Thrift at one time was the cornerstone of a household’s financial picture.
The word even appeared over the front door of a beautiful bank in Sidney, Ohio, built in the early 1900s.
However, according to a book entitled ‘The Decline of Thrift in America’, the Depression invited economists to recast thrift as “the contemptible vice which threw sand in the gears of our consumer society.” (Nancy Gibbs, Time, Oct. 2008)
Thrift. A contemptible vice? Good grief, Charlie Brown.
The book went on to reveal that a White House report in 1931 urged parents to let children pick out their own clothes and furniture, thereby creating in the child “a sense of personal as well as family pride in ownership, and eventually teaching him that his personality can be expressed through things.”
I say, that thought is downright scary! If our personality is expressed through things then I’m spending far too much time looking inside the fridge for lunch. (Cheese dog anyone? Anyone?)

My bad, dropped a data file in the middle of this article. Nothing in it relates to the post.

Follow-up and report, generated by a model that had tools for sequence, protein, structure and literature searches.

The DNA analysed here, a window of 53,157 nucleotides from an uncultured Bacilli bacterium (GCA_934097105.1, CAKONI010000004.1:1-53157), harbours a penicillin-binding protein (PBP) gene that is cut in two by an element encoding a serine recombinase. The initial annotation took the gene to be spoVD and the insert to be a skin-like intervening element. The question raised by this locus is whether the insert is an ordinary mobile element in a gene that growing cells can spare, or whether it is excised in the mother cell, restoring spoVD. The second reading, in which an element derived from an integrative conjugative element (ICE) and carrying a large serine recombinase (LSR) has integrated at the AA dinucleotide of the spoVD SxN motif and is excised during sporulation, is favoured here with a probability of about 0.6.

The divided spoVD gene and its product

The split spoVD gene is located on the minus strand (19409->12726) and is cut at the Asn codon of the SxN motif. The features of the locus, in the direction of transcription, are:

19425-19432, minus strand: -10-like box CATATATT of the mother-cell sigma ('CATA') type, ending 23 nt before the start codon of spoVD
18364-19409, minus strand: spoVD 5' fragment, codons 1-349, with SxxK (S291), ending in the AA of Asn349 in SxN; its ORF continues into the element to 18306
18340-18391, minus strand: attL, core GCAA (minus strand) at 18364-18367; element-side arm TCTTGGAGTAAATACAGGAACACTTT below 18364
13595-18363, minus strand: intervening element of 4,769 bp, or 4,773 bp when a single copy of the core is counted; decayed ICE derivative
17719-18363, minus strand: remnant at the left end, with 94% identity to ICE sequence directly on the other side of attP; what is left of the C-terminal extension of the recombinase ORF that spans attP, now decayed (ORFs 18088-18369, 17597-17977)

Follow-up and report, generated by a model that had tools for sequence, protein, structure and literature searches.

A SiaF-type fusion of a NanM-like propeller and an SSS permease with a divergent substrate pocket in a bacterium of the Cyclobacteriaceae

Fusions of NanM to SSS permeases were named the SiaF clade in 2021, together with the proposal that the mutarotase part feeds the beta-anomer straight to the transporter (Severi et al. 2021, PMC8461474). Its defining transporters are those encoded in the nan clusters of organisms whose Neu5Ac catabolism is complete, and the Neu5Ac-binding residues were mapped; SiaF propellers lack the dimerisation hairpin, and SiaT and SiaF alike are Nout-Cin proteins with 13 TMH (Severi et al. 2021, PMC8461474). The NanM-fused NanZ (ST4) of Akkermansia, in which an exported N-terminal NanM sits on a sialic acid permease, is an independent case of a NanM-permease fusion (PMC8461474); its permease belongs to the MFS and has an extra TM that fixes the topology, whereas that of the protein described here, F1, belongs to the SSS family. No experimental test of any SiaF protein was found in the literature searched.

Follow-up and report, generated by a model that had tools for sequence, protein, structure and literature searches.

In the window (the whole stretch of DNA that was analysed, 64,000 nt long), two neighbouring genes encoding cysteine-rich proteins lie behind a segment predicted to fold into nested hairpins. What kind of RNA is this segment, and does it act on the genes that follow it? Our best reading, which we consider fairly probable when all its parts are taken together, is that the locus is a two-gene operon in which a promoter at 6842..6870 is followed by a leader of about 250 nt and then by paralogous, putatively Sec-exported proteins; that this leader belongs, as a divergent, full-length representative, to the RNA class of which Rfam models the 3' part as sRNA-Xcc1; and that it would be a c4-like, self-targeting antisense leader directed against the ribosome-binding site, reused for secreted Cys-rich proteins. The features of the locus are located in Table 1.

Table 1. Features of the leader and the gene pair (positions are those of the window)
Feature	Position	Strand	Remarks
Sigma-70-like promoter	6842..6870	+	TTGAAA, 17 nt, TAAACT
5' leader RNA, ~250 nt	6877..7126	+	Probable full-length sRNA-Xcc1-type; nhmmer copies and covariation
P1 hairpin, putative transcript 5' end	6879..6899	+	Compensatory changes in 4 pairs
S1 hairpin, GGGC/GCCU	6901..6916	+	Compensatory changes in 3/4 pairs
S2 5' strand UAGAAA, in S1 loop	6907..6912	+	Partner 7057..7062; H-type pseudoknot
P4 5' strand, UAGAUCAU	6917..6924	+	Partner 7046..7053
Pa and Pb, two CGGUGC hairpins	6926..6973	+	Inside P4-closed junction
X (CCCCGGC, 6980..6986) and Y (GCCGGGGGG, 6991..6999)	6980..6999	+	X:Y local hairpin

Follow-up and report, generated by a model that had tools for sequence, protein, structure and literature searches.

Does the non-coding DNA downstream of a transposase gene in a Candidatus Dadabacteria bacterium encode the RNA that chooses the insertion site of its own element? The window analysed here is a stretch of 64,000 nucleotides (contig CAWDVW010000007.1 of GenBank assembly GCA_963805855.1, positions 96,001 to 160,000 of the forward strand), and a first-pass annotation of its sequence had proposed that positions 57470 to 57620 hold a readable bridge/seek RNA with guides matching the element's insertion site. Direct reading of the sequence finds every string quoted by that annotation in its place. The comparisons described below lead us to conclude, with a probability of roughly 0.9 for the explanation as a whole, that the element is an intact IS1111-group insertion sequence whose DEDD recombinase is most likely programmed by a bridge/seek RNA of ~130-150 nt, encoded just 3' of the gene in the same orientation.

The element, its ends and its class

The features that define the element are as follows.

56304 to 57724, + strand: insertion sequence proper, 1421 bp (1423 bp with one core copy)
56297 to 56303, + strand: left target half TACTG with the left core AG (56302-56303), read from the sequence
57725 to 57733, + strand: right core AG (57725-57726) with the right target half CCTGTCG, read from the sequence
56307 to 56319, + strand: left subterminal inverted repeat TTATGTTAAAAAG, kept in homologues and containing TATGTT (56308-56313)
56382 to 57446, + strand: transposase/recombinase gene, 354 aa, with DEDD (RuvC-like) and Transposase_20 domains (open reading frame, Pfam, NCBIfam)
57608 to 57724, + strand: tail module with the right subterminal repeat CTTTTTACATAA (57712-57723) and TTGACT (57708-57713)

Nancy Gibbs herself says, “Somewhere along the way, thrift did not just stop being a value; it became a folly.
“Saving was for suckers; you’d die leaving money on the table when you could have lived it up.”
“There are no pockets in a shroud, as the saying goes.”
Should we be filled with family pride when we look at a big house? When we look at a big mortgage?
Are we the type of creature that would be filled with even more pride if the house had another bedroom or bathroom we would barely ever use?
Should we swell with personal pride when we look at our new big screen TV? Or a bigger car that would get us to the mall 3 seconds faster?
Could the 1931 White House report possibly lead people down the wrong path?
I say, in 2010, after 70 - 80 years of heavy spending, saving for the future is not an idea for suckers.
Living it up may not be as healthy as living it down.
Anyone who leaves debt on the table for future generations to deal with should reconsider their spending habits.
Get Small before you Get Low.